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Why would you think that the GPS position is wrong and that an old chart and loran would be be correct?
Why would you think I think that? I never suggested the GPS position is "wrong." I specifically stated it does not match the chart when displayed by a plotter or computer.
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Recent notices do not represent a recent survey with modern technology. If there are modern charts of Nefoundland I could not find them to purchase in Nova Scotia. The one I found was clearly pre-GPS ...
I am aware of what Notices represent. My point, should it require reiteration, is that with the latest charts corrected to the latest Notices, there is a significant difference between the GPS position of the yacht, assumed to be "correct," and the position of the yacht when displayed on a chartplotter or computer. The difference is also apparent when the GPS data are plotted "by hand" on the latest corrected chart from the Hydrographic Office. I am suggesting that there may be a method using an old LORAN box to apply a useful compensation, something not usually available when employing a GPS.

Sorry if my phrasing suggested otherwise.
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Old 26-11-2009, 12:11   #5
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Well. It is not the GPS that is wrong but rather the chart. So, get a WGS (72 or 84) chart of that area first.

For any chart that is used with the correct geo grid from GPS the error will be much less than from Loran (my assumption, not a fact). Otherwise we would still be using Loran, not GPS.

Offshore, 1 Nm should be of little concern. Inshore you will be probably piloting rather than GPSing, unless it is foggy but then you will have radar to support you.

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Old 26-11-2009, 12:36   #6
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Sorry if my phrasing suggested otherwise.
I don't understand the confusion. I thought your first post was clear.

I like to use all the tools I have. If my loran hadn't died, I'd still have it on board. Why not?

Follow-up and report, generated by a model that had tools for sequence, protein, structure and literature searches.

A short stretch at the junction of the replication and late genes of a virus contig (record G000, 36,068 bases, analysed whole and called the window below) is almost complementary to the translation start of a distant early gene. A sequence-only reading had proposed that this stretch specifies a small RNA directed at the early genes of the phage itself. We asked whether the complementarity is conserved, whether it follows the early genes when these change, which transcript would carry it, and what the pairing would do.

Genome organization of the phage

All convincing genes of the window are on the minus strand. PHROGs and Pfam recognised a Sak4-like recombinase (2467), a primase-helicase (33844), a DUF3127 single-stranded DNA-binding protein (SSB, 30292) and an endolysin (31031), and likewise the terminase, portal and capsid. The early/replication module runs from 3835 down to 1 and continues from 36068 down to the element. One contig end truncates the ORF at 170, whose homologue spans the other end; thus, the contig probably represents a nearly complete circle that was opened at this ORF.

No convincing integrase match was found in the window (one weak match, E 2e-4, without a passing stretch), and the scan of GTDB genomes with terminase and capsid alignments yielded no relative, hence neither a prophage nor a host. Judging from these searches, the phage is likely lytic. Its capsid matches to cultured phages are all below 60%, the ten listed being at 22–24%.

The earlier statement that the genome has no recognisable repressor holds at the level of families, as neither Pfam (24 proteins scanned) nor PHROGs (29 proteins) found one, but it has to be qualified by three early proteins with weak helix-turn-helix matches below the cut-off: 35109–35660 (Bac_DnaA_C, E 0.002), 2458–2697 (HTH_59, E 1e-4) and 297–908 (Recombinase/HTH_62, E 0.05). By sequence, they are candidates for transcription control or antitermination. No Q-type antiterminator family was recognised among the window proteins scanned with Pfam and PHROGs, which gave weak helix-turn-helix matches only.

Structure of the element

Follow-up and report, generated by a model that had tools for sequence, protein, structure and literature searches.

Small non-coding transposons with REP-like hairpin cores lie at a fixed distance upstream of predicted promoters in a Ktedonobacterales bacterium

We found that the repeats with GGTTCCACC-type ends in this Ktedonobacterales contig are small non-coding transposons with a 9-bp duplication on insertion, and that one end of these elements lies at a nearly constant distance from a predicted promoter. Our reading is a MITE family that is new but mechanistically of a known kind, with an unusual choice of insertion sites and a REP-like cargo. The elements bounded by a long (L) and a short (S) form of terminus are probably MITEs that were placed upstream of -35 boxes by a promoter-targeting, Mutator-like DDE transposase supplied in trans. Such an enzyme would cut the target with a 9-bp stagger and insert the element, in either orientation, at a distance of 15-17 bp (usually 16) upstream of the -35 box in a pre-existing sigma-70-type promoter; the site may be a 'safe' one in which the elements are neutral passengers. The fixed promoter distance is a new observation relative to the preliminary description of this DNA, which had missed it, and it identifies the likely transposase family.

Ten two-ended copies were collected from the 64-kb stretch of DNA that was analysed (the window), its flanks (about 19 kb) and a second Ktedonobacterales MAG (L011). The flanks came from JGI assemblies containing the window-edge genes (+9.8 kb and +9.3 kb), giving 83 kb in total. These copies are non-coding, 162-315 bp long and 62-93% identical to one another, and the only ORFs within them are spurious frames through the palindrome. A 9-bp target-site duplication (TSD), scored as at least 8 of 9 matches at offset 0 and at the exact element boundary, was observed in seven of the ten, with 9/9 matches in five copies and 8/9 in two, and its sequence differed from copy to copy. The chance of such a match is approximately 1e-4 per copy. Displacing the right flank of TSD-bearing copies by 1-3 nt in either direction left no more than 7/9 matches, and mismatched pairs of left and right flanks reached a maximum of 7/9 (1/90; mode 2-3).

Since your loran provides an offset function that you see a way to put to practical use, I say take it.

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Old 26-11-2009, 12:49   #7
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I don't understand the confusion. I thought your first post was clear.

I like to use all the tools I have. If my loran hadn't died, I'd still have it on board. Why not?

Since your loran provides an offset function that you see a way to put to practical use, I say take it.

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Old 26-11-2009, 16:45   #8
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Wonder when the eLoran will become available to recreational sailors. There had been much chatter on it but now it seems they got stuck or something. Also, where is the European GPS ??? It was supposed to be here errrr... two years ago?

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Old 26-11-2009, 18:29   #9
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FWIW, just unscrewed the Interphase Loran I had on the boat.

Worked just fine, as far as I could tell, but I never used it and it was in the way. The Admiral said get rid of it.

So I did.

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Old 26-11-2009, 20:51   #10
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KD, I would think that first it would be most worthwhile to contact the Canadian authorities and find out what the real facts are. I suspect that they will respond in the same way that US authorities do: With a precise knowledge of what is and is not current, an explanation of what the real differences and problems are known to be, and, quite often, if it is news to them they will have someone in the area do a little field conformation to see what really is going on.